Lower Right : Th eta Pledges: John Caner, Jim Sheehan, Allen Murry, Elliott Rodda, Steve Th omas, Rot
Richardso n, Rick Mack, Aaron Watters , Stuart Walli ng.
20 /Pledge Week
Upper left: The SIS pledges for spring 1984 are: Kim Yandell, Sandy
Humphries, Cla"l:issa Crawford, Susan Colberg. Sheryl Johannes, Mar
sha White, Marylee Ramsey, Jerri Eis. :vtary Nelson, Wendy Reiser.
Center left : The Chinese water torture. Theta style,
Center right: The Delt pledges accept their assignment for the evening
with joyful abandonment.
Lower left: Beta pledges wear their best dresses to IUllch,
Cultural Arts Thrives
Southwe. tern College's Cultu ra l Arts was thriving, to say the least, in the 1983-84
school year. T he cam pus was tre ted to a diverse and full schedule of events: pianist
Jani e Kay Hodge on March 26 and R.G. Langenwalter, who travelled the world
with National Geographic di playin g his photographs came in February. There was
Baroque music, Southwind (a Bluegrass band), composer Gary W hite, The Vienna
Boy Choir, and the Ox ford Chamber T heatre.
Da niel Llords of Ll ord: "I nternational" presented his marionette show and Fran
cois Camain, an award winning writer, read stories and held discussions. Black
Awareness held a talent show sponsored by Black S tudent nion. In addition, five
plays were done on campus: G uys and Dolls, Fahrenheit 451, Bedroom Farce, a
seri es of one act plays written by Do ug Delaney and Hamlet, which culminated the
Renaissance Festival. What a year!
Upper left: The Oxford Chamber Theatre came to SC
Upper center: The Vienna Choir Boys were the highli.
of the Cultural Arts year,
Lower left: The Vienna Choir Boys tune their tonsil:
Lower right: Dr. Strand receives an enjoyable anonam.
Upper right: Cultural Arts Committee: \1iehacl
Wilder, John Willoughby, James Strand, Margue
rite Hessini and Jay Caldwell.
Left: Doug Delancy's IN DEFENSE OF NOR
MAN ROCKWELL was done in the Little The
Cultural Arts j 23
"Bedroom Farce" The spring theatrical production of "Bedroom Farce," was
a British farce about personal relationships between couples
and the humorous effects resulting from the problems in their
The eight characters in the play were Jill Delaney, Susan
nah; Blaine Kingsbury , Trevor; Lori Heine, Jan; Troy Kur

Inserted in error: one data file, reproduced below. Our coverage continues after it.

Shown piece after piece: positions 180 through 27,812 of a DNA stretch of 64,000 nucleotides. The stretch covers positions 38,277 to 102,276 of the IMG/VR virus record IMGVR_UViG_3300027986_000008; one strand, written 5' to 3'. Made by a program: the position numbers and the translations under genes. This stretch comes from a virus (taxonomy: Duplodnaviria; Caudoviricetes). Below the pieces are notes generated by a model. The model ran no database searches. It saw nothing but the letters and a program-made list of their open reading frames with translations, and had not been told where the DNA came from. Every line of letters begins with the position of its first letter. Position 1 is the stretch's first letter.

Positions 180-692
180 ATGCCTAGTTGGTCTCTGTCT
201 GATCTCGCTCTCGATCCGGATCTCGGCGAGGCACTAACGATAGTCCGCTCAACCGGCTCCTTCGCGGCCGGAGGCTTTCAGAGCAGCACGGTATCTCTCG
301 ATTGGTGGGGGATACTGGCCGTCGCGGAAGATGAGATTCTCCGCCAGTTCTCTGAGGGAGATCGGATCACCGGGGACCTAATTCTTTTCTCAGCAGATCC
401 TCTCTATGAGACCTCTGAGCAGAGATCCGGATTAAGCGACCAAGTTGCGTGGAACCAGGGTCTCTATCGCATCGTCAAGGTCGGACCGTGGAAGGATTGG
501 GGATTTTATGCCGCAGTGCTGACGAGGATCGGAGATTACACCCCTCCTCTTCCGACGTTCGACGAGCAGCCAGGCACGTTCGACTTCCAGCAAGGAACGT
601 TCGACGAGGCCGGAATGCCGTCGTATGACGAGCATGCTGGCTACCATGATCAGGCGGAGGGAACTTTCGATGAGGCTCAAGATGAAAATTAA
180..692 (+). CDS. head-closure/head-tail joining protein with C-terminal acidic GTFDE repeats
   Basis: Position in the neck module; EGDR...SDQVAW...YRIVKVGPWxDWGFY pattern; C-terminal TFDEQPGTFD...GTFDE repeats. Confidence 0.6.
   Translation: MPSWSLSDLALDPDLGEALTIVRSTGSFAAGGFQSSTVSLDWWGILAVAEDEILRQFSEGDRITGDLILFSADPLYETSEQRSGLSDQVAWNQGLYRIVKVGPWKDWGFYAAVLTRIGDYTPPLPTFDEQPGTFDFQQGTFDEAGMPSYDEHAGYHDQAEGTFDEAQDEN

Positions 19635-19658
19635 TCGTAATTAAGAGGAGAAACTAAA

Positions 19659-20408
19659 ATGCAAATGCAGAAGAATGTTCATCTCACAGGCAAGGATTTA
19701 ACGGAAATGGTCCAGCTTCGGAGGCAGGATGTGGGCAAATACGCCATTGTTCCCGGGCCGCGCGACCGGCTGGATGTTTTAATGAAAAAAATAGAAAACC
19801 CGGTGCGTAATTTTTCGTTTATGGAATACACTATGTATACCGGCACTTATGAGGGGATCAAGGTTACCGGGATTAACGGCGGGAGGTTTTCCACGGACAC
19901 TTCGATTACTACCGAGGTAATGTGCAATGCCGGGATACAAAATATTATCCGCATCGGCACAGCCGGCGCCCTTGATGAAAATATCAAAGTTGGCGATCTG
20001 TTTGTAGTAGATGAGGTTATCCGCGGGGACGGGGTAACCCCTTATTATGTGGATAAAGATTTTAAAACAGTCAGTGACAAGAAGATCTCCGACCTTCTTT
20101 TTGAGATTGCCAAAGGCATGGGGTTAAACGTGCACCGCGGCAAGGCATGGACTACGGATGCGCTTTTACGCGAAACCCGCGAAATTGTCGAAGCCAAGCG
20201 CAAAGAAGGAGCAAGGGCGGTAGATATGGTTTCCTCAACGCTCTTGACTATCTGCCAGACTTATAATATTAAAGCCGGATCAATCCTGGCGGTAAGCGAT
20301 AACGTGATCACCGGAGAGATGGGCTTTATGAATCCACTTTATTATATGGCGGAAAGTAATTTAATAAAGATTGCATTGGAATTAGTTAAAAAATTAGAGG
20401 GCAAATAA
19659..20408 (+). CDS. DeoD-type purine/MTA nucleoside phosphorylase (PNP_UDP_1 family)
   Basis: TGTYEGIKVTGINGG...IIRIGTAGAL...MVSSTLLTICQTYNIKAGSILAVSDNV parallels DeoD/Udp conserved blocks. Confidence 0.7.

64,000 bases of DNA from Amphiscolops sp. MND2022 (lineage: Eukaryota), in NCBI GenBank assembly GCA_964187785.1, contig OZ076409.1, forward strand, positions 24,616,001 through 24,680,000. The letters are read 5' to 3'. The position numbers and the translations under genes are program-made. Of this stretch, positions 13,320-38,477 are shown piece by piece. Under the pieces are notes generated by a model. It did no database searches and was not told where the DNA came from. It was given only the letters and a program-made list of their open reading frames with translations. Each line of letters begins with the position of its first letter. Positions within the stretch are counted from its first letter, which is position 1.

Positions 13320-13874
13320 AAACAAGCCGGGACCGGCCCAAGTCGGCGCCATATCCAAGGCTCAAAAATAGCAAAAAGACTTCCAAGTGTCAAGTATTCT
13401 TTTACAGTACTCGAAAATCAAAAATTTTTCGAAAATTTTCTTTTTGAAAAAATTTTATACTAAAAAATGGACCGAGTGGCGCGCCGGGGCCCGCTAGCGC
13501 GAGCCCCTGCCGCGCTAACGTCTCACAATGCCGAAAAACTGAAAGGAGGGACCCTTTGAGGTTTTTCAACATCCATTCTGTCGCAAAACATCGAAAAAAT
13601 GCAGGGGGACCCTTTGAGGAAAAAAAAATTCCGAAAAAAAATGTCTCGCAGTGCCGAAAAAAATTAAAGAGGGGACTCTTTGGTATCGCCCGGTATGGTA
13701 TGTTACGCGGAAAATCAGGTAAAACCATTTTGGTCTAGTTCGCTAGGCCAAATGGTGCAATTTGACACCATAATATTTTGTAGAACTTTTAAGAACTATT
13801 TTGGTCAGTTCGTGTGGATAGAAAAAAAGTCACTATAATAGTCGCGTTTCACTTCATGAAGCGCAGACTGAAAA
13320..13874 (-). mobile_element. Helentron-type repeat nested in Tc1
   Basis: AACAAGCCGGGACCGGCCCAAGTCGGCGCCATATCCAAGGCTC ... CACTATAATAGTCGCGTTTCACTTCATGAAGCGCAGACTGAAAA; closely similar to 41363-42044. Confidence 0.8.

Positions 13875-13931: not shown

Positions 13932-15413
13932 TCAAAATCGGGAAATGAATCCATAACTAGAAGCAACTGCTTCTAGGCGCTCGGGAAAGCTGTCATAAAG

imsky, Nick; Betsy Harden, Kate; Dereck Hood, Malcolm;
Shanna NispeJ, Delia ; and Shaun Hollis as Ernest. The play
was directed by Darnell Lautt, the set and costume design by
Darnell and Chris Lautt and lighting design by Don Allgood
and Dereck Hood . The stage manager for this production
was Dan Shadoin and Doug Delaney served as Technical
"Bedroom Farce" was seen by approximately 300 people
in the three nights of performance . However, this was the
first time in his six years at SC that Darnell Lautt has missed
Above right: Ernest (Shaun Hollis) watches the leak y roof while it's back
to the drawing board for Delia (Shanna Nispel) .
Center left : Susannah and Kate prepare for the party by dri ving each
other insane. (lull Delaney and Betsy Harden .)
Center right : Sa y Baby' Delia gets sexy.
Above left: Ernest gives Trevor (Blaine "The King"
Kingsbury) the rac ts or lire. Susa nnah and Kate listen quietl y
Lert: I van to suck your blood' Malcolm (Dereck Hood) and
Kate (Betsy Harden) horse around before the big party.
Above right: Susannah (Jill Delaney) is alone again giving
herselr a pep talk "People are not rrightening. There is nothing
to be arraid or."
Bedroom Farce / 25
Smiling Faces of SC 26 / Smi li ng Faces
Smiling Faces / 27
"All The World's A Stage
• • •"
Left : Nancy Edmunds would ra ther be inside.
Right: Don Allgood as ks a higher a uth or ity if the wood is good.
28/ Rena issa nee
This year's Renaissance Festival inc luded a Shakespearian play, an interpretation
show, a "dunk the man" throwing game, and Alfredo roasted a pig again. BS sold
snacks but the rain halted most ot her activi ties. The play ran three nights, Friday
through Sunday and had large audiences considering the dismal weather.
Upper center: Doug Del aney and Nancy Edmunds
rule the set.
Lower center: The set is tak ing shape.
Upper right: Director and set design er Darnell La utt and Robert Hood get to the bottom of things. SGA Senate members:
left to right (back
row) : George Gang
were, John Kurth,
Larry Williams, Art
Neely, Jeff Wampler,
Gayla Rapp, (Front
row) Diane McKnight,
Julie Humphries, Deb
bie Minnick , Teresa
Cink, Leann Starkey,
Kerie Epperson , Dick
Va lyer , Linda Haug,
Fran Broadhurst Jay
SGA Involves Students
Student Government Association 's concepts are based on the direct involve
ment of the student in the formula tion of campus concerns and policies. Members
of SGA are busy all year long holding positions in the many committees that are
on campus. In these committees the student representatives are there to voice the
viewpoint of the student body and has equal voting privileges as the faculty
members. SGA maintains it's own budget and allocates money to worthy on
SGA was also busy this year continuing with it's annual Wallingford steak fry,
providing funds and a new committee for the Renaissance Festival, renting out
refrigerators and remodeling the Builder Room. SG A also recognized a strong
feeling of student concern this year and assisted in this area by sponsoring forums
on items of concern.
SGA President John Kurth.
Tor: SAA members (left to right)
Bob Wimmer, James Scott, Hal
Small, Jay Caldwell, Cindy Kutz,
Blaine Kingsbury, Pam Ferguson,
Troy Kurimsky , Lc a nn Starkey,
Fran Broadhurst , LuAnn King,